There are many promotional aspects that work against this season’s Re:Zero: it’s got a pretty generic fantasy synopsis, its key visuals look like the ultimate harem series and it has various long and confusing titles (-Starting Life in Another World-? Life In Another World From Zero?… I’ll just call it Re:Zero). The 2016 spring season was supposed to be dominated by My Hero Academia and, while that is still the most talked about series, the truth is that there have been other surprises that are taking the spotlight, like the Attack on Titan-inspired Koutetsujou no Kabaneri, the funky Kiznaiver and, especially, the way-darker-than-what-you’d-expectRe:Zero.
Based on a series of light novels by Tappei Nagatsuki and Shinichirou Otsuka and produced by White Fox (the same studio that brought you Steins;Gate and Akame ga Kill),Re:Zero already looks like it will be the dark horse of this spring anime season. I know it’s still quite early to talk about AOT only five episodes in (especially since Re:Zero will be 25 episodes), but, without spoiling anything, I actually went ahead and read some of what’s to come and… boy, we’re in for a (difficult) ride.
Re:ZERO follows highschool otaku Subaru Natsuki, who gets mysteriously summoned into a fantasy world that seems to come out of a videogame: there’s the medieval setting, strange animal-like creatures, different currency, kingdoms, knights and, of course, magic. In fact, Subaru makes constant gaming references and even pokes fun at common anime tropes in regards to everything that happens around him (“If you’ve got some hidden true power, now would be the time to use it!”). However, the execution of the premise and everything the show does feels different, new and refreshing. Subaru’s personality feels genuine and he will make you laugh without recurring to over the top slapstick comedy (I’m looking at you, Bungou Stray Dogs). While part of Subaru’s charm is due to the amazing cast of voice actors, he just feels like one of those MCs that everyone instantly likes (I mean, the fact that he wears a tracksuit is enough to create an awesome MC). The rest of the cast is also easily appealing, from the original character designs to their different personalities.
There are series that don’t really do anything new, but still manage to do everything right and offer a lot of enjoyment (My Hero Academia from this season, for example). This is also the case with the ‘Fantasy’ tag on Re:Zero, but the series does not stop there. There’s another element that made the anime stand out from its first 50-minute long episode: time travelling. Or something like that. The similarities with Steins;Gate are uncanny here. Aside from being made by the same studio, Re:Zero doesn’t only resemble Steins;Gate because of the MC’s ability to time travel (it’s also been compared to ERASEDfor that same reason), but the main characters are very similar in personality as well. Just like Okabe, Subaru is a dork an otaku that likes to make meta remarks and prefers to look at his difficult situation with a positive, comedic attitude.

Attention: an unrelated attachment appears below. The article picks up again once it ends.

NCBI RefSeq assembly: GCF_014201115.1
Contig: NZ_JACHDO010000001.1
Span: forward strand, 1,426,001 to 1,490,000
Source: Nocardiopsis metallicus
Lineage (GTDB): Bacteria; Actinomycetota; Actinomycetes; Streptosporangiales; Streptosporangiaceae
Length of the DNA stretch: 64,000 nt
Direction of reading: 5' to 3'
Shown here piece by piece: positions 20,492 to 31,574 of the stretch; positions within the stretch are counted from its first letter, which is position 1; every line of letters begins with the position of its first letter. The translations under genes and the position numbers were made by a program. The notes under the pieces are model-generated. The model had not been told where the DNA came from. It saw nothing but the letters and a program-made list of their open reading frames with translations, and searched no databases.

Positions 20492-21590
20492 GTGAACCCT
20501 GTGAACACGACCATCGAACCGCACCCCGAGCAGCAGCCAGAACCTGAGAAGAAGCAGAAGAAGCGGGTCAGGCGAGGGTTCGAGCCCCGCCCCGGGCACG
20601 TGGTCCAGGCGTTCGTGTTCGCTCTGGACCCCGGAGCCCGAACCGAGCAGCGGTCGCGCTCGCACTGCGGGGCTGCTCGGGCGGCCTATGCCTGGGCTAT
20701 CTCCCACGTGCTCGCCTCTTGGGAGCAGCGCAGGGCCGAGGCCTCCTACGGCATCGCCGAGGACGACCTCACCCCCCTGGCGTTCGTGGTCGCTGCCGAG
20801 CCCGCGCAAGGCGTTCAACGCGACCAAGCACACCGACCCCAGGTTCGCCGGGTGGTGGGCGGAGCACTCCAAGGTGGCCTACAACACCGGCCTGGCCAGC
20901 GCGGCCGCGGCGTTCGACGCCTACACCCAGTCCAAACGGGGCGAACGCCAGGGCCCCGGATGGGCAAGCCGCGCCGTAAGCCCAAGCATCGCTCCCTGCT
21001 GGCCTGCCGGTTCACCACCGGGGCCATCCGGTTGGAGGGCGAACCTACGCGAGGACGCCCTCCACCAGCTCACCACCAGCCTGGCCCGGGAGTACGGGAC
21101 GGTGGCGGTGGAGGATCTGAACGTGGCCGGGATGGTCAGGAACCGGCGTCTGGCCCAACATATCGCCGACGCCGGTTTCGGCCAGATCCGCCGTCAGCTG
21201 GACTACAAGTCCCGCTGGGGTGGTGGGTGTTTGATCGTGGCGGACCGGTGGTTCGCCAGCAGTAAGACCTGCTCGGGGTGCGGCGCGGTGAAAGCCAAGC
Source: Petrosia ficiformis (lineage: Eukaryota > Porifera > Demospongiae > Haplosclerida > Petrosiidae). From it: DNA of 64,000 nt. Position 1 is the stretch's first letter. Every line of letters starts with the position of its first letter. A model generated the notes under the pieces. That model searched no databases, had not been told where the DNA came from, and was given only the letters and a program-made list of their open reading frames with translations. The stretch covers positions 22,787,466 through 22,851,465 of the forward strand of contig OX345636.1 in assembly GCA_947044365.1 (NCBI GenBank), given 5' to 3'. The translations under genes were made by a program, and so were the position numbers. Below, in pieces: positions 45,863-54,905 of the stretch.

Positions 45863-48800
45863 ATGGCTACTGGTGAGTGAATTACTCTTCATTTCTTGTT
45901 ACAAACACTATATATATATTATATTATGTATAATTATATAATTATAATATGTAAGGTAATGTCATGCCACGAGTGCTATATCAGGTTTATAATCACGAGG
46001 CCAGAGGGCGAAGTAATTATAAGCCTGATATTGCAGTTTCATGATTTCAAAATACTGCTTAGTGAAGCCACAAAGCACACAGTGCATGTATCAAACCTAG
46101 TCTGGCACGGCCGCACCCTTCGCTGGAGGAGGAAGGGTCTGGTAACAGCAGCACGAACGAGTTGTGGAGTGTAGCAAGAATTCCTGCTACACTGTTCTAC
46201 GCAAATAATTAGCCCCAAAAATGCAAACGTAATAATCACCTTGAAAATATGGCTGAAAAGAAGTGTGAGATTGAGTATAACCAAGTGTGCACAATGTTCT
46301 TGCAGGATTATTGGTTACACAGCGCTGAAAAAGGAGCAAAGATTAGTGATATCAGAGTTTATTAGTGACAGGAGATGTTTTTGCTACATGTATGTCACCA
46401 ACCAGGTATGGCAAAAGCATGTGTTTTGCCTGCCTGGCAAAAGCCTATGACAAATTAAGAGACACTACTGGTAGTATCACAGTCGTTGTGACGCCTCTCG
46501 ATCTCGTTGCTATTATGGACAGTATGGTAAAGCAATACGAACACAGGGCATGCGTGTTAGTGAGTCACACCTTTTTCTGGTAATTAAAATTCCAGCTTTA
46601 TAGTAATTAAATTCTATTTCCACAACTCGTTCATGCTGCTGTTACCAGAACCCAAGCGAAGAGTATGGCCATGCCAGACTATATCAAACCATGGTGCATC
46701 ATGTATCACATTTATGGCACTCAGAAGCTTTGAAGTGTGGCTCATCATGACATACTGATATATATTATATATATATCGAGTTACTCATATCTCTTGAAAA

Actually, the few complaints I have read about the series are actually the same I had until I read ahead in the manga: Subaru seems too calm and passive about his mysterious situation. He just brushes it off, accepts it rather quickly and proceeds to make light of the fact that he keeps “returning by death”, as he calls it. However, when you think about it, the reason behind choosing a care-free character like Subaru for this type of series actually makes sense in the long run. Some might say that Subaru’s power is great, but the truth is remembering the pain of dying (he’s often killed violently), having to re-do many events many times and having everyone you care about forgetting about the moments you shared together will take a toll on you and mentally break you overtime. And the fact that it’s someone like Subaru who has to go through this makes it even more heartbreaking
The author clearly knew what he was doing when he created this character. You have probably heard by now that Re:Zero will get pretty dark. Yes, “dark” is an adjective that is actually thrown around quite often, since there’s a tendency of shows wanting to come off as edgy as possible to attract older audiences. But let me tell you that the hype is justified with Re:Zero. It gets so bad(good?) that many readers dropped the novels because they couldn’t endure Subaru’s disgrace anymore. Manga/anime main characters are often made so that the audience will relate to them, which is why it’s so risky to have your main character suffer a lot (“a lot” meaning mental breakdowns and/or changing forever (eg: One Piece‘s Luffy’s grief didn’t last much)) or having them have a twisted morality (eg: Death Note had to introduce a secondary MC in L to contrast Light Yagami). Poor Subaru has had the bad luck of falling into one of the most brutal, sadistic Japanese authors. Mental torture aside, I’m not sure how far the anime will go with showing gore (probably not as much as the source material), but I have to warn you in case you’re sensitive: while there’s no romanticizing torture, nor sensitive stuff like rape, there is A LOT of torture, death and suffering. You have been warned.
I can’t really finish this recommendation without talking about the production. While studio White Fox is not as productive and well-known as others, everything they pick, they turn into an amazing production. The scenery in Re:ZERO is incredibly well-done, from the beautiful scenarios to choosing CGI to animate citizens from the city. I might not be the biggest CGI fan, but I don’t mind it as long as they only use to create “background movement”. One of my pet peeves in anime (and it’s actually one that happens 99% of the time) is the fact that background characters don’t move, which makes everything feel more static, so I was pleasantly surprised with how the series chose to use CGI for that.